Are you kidding? Sears is big and trusted. The whole TV firmament is going digital. Cable becomes the hottest consumer electronics ticket in town in December and beyond. To the masses, being told in the store that you can save money buying cable (and get lots more program goodies) rather than buying a new TV set is appealing. And hey, you wanna go HD? Might as well get cable, from the nation's biggest cable system, by the way.

Let Best Buy and Circuit City eat their transistorized hearts out.


Marianne Paskowski:


Think you're living in the past about Sears. That retailer did quite well when there wasn't such oppressive competition from the big box boys.

Frankly, I think Sears is the next candidate for
bankruptcy, not that I want to see that. Have many fond memories of Sears as a kid, including the catalog.

But back to Comcast. Do you think this move will help Sears or even itself? I doubt it.

Thanks for your post, m

Marianne Paskowski:


This is futile. Most people already have cable or satellite service so the digital transition is no big deal for them.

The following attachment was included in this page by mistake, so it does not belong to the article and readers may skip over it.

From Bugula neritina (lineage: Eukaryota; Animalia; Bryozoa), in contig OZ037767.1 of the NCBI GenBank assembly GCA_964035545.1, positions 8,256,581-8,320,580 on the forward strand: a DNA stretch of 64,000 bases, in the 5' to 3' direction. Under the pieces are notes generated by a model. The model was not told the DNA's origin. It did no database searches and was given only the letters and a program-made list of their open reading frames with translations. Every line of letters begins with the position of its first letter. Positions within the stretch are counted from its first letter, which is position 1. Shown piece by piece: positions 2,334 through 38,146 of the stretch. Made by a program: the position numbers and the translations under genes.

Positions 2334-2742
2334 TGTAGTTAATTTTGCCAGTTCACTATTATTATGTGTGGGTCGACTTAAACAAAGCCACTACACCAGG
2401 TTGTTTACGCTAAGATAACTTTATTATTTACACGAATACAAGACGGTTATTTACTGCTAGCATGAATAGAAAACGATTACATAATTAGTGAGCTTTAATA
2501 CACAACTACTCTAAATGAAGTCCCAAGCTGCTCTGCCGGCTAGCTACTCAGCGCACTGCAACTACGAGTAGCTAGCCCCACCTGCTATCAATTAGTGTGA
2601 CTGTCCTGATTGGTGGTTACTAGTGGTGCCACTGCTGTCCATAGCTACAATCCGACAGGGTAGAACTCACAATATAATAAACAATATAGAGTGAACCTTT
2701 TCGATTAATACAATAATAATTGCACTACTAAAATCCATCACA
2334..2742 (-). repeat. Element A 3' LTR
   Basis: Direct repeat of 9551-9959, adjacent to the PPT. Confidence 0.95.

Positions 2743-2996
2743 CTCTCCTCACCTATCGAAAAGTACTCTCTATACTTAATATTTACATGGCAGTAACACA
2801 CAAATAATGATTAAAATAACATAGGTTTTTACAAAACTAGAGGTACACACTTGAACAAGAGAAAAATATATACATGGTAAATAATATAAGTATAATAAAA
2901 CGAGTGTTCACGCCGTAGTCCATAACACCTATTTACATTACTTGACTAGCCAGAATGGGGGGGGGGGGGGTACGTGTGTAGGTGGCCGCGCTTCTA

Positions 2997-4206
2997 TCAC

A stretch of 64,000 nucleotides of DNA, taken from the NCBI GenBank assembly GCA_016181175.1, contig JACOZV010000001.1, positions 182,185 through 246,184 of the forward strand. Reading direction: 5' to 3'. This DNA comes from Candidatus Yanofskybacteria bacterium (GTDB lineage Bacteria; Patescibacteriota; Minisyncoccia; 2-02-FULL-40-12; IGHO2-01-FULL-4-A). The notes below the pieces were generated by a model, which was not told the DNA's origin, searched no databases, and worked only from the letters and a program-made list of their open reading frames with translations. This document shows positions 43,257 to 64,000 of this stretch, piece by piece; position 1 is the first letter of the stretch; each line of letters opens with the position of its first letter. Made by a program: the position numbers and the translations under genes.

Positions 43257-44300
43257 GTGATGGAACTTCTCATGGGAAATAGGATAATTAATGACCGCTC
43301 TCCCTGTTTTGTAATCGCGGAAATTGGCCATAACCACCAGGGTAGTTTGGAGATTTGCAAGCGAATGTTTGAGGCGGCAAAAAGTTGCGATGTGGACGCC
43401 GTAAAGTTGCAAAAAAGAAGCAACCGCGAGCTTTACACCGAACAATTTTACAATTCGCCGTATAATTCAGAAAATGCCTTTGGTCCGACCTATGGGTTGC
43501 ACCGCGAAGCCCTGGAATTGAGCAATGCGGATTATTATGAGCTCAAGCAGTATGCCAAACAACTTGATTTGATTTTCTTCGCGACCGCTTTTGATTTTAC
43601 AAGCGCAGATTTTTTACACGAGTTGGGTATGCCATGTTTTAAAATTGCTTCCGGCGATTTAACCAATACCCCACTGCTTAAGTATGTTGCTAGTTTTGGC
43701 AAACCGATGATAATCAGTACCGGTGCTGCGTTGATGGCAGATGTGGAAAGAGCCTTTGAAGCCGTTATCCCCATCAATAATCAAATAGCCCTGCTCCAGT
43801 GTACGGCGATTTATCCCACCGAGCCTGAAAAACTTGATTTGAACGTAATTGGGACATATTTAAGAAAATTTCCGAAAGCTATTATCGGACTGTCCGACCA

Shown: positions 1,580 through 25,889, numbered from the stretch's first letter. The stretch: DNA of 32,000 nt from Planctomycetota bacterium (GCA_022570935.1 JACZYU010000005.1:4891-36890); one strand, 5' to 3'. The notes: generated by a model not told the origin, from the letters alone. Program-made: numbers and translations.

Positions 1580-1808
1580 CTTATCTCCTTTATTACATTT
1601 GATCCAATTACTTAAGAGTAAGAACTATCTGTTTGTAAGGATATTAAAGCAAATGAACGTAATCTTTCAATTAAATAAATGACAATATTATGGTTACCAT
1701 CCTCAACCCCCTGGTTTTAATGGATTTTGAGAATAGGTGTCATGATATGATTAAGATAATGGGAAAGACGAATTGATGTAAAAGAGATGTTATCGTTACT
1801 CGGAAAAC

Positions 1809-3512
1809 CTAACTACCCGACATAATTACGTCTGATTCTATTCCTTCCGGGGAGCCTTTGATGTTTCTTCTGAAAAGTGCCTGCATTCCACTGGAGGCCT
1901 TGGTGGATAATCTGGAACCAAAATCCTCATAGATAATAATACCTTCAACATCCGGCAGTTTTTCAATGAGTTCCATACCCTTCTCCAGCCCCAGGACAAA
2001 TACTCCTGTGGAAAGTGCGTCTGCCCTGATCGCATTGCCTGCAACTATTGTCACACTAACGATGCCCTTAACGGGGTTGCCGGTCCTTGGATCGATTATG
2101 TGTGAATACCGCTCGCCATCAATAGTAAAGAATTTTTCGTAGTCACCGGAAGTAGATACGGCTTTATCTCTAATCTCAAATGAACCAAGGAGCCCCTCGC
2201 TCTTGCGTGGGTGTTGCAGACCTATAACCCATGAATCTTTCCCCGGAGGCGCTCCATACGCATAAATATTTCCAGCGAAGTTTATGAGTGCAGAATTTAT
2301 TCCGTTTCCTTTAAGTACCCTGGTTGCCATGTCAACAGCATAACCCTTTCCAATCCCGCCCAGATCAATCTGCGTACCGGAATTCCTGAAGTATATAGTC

I just don't see Sears as a consumer electronics biggie. So, no, I don't get the venue for Comcast.

Maybe I'm wrong, but as Poindexter, above said, older people seem to go to Sears, not the next generation looking for something else.

Thanks for your post, m

Dr. Foster K. Williamson, PhD:

Dear Ms. Paskowski:

The Comcast-Sears arrangement provides an excellent example of the types of problems we address at The Institute with our new Bundle Metrics Analytic Model designed for strategic simulations at the second-order differential level. It reveals relationship variables heretofore hidden from retailer's perceptions, not to mention their quantitative sales algorithms.

Comcast success in selling bundled cable services with new TV sets, for example, depends on the log linear estimation of mean distance between merchandising displays for the service, the front entrance of the store, and the restrooms.

ANOVA studies across North American and European sales venues repeatedly find R-squared values for this variable three times greater than the logarithmic regressions among other variables, such as the salesperson's ability to speak coherent native languages correlated to linear shelf space (expressed in angstroms). In a word, we call it the "pee to pay" index; the greater the mean distance to the loo, the less likely the sale. We have recommended that Comcast sell their service from stalls in the men's room, but we have yet to receive a response.

Doc Willy

Marianne Paskowski:


Hmmm. Thanks for you fake-head take here, m

Skeptical Sam:

It's been proven time and time again that national retail agreements to sell cable television service in local markets confuses the consumer, especially in markets with multiple cable co's like Los Angeles. Comcast will no doubt reclaim their Circuit City displays which were never utilized and deploy them to Sears......